Guy grew up in a sharecropping family in Pointe Coupee. He recalled walking barefoot to elementary school so his one pair of shoes would last longer. He spent the little money he had playing the juke box at the one juke joint in Lettsworth.

“I dropped my last three nickels just to hear John Lee Hooker play ‘Boogie Chillen’ or Lightnin’ Hopkins or Muddy Waters,” he said. “Now you’ve got to be 21 to get into a juke joint. Back there at that juke joint, you could go in crawling before you learned to walk. If you wanted to hear some music, you could.”

Guy built his first musical instruments himself, using rubber bands and wire stripped from his mother’s window screen. He obtained a real guitar later, a gift from a friend of his father’s, when he was living with his sister, Annie Mae, in Baton Rouge.

In 1957, after working as a maintenance man at LSU, the 21-year-old Guy boarded a train in Hammond bound for Chicago. Many of the blues artists he admired were there.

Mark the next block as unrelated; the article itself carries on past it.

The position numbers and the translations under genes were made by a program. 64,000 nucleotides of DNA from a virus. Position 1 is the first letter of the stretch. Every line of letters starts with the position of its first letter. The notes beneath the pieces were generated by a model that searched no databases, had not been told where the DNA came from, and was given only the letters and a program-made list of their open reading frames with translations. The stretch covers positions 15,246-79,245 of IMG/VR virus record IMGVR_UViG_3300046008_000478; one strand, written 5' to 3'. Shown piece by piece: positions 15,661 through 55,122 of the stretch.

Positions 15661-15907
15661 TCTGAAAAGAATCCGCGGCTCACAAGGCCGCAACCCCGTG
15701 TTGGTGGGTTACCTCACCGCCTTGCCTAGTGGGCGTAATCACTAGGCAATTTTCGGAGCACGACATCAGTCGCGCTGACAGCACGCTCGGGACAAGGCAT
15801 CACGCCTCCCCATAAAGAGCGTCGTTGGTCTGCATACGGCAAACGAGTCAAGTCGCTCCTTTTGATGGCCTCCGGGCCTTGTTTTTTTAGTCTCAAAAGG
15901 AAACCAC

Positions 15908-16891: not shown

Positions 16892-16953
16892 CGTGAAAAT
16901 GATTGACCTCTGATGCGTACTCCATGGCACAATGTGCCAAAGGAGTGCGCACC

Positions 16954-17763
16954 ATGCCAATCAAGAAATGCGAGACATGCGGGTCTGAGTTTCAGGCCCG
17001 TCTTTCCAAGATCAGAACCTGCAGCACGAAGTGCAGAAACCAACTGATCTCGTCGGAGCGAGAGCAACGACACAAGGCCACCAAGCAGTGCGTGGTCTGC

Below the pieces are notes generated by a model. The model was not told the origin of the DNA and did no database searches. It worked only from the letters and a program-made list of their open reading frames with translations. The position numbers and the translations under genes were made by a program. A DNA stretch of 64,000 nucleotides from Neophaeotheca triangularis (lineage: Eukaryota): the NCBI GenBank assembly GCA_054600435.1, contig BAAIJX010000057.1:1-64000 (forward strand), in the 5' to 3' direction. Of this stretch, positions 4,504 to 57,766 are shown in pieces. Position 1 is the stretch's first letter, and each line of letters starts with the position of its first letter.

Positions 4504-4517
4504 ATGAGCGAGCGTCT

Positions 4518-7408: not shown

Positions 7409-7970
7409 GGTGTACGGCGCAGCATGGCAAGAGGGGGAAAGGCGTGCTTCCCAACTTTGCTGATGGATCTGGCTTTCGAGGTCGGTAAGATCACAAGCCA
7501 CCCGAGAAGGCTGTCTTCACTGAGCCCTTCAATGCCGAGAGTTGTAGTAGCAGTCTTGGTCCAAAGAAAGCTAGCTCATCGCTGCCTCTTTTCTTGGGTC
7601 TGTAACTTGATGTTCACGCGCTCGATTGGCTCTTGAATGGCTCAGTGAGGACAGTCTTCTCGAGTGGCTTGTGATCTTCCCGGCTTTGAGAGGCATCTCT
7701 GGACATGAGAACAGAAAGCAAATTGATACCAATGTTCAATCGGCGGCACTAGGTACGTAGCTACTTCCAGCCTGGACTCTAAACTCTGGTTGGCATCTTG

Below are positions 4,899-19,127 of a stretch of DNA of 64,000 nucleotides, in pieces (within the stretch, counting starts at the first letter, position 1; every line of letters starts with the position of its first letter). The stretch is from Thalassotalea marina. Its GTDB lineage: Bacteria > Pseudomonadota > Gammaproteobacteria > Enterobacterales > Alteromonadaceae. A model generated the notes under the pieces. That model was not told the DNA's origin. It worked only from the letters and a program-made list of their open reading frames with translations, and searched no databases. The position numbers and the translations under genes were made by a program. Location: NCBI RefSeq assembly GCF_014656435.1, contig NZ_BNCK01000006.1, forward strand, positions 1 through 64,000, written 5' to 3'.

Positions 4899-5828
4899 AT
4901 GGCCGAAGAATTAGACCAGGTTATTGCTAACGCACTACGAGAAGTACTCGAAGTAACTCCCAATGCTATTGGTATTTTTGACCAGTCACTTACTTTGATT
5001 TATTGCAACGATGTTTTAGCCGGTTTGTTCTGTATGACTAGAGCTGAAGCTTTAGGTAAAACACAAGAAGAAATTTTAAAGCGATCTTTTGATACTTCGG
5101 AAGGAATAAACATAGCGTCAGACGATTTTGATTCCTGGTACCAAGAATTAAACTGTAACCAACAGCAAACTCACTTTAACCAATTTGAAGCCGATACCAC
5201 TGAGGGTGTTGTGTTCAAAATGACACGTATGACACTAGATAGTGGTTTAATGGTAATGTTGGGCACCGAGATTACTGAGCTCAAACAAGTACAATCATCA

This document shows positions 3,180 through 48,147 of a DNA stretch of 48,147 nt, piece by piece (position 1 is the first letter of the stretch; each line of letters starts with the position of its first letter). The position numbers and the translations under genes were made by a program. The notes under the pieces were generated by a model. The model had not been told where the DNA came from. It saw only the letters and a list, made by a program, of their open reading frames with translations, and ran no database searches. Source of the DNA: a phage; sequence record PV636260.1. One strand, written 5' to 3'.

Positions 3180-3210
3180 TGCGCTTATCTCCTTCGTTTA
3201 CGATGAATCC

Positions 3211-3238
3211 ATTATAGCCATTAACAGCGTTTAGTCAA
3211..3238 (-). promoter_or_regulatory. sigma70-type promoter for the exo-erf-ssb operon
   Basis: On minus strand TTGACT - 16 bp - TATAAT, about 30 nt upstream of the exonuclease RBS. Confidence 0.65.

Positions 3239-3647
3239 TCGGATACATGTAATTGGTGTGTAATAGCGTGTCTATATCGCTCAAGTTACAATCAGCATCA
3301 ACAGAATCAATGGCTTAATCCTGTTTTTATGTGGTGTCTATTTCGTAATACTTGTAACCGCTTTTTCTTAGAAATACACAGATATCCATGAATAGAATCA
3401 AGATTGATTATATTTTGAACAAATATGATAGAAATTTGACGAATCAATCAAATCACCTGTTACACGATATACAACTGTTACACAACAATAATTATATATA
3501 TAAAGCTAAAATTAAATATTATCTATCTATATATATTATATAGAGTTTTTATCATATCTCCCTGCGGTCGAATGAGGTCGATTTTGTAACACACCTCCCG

“I was going there because they told me that the wages up North were a little higher than they were at LSU,” he said. “If I got a job at another college or university like this, I would make a little more money. But they forgot to tell me the cost of living was higher. So, I just got stuck in Chicago. And I learned how to play guitar, I guess, good enough for somebody to say, ‘You can probably make it.’ ”

His visits to the White House and the unveiling of a Mississippi Blues Trail marker in Lettsworth, Guy added, are among the greatest moments in his life.

“Because this is a dream come true,” he said. “I told the presidents, three of them, this is a long way, from picking cotton to picking the guitar in the White House.”

Asked if he’s considered “slowing down,” Guy responded: “What’s that? I was born on a farm. You don’t slow down on a farm. You know, I guess I’m blessed to be hanging here a little longer than some of my friends who are no longer with us. We used to talk about this. ‘Who stays here longer?’ ‘Who goes first?’ ‘Don’t let the blues die.’ I might feel like that (slowing down) in another year, but right now I feel like I should keep doing it.”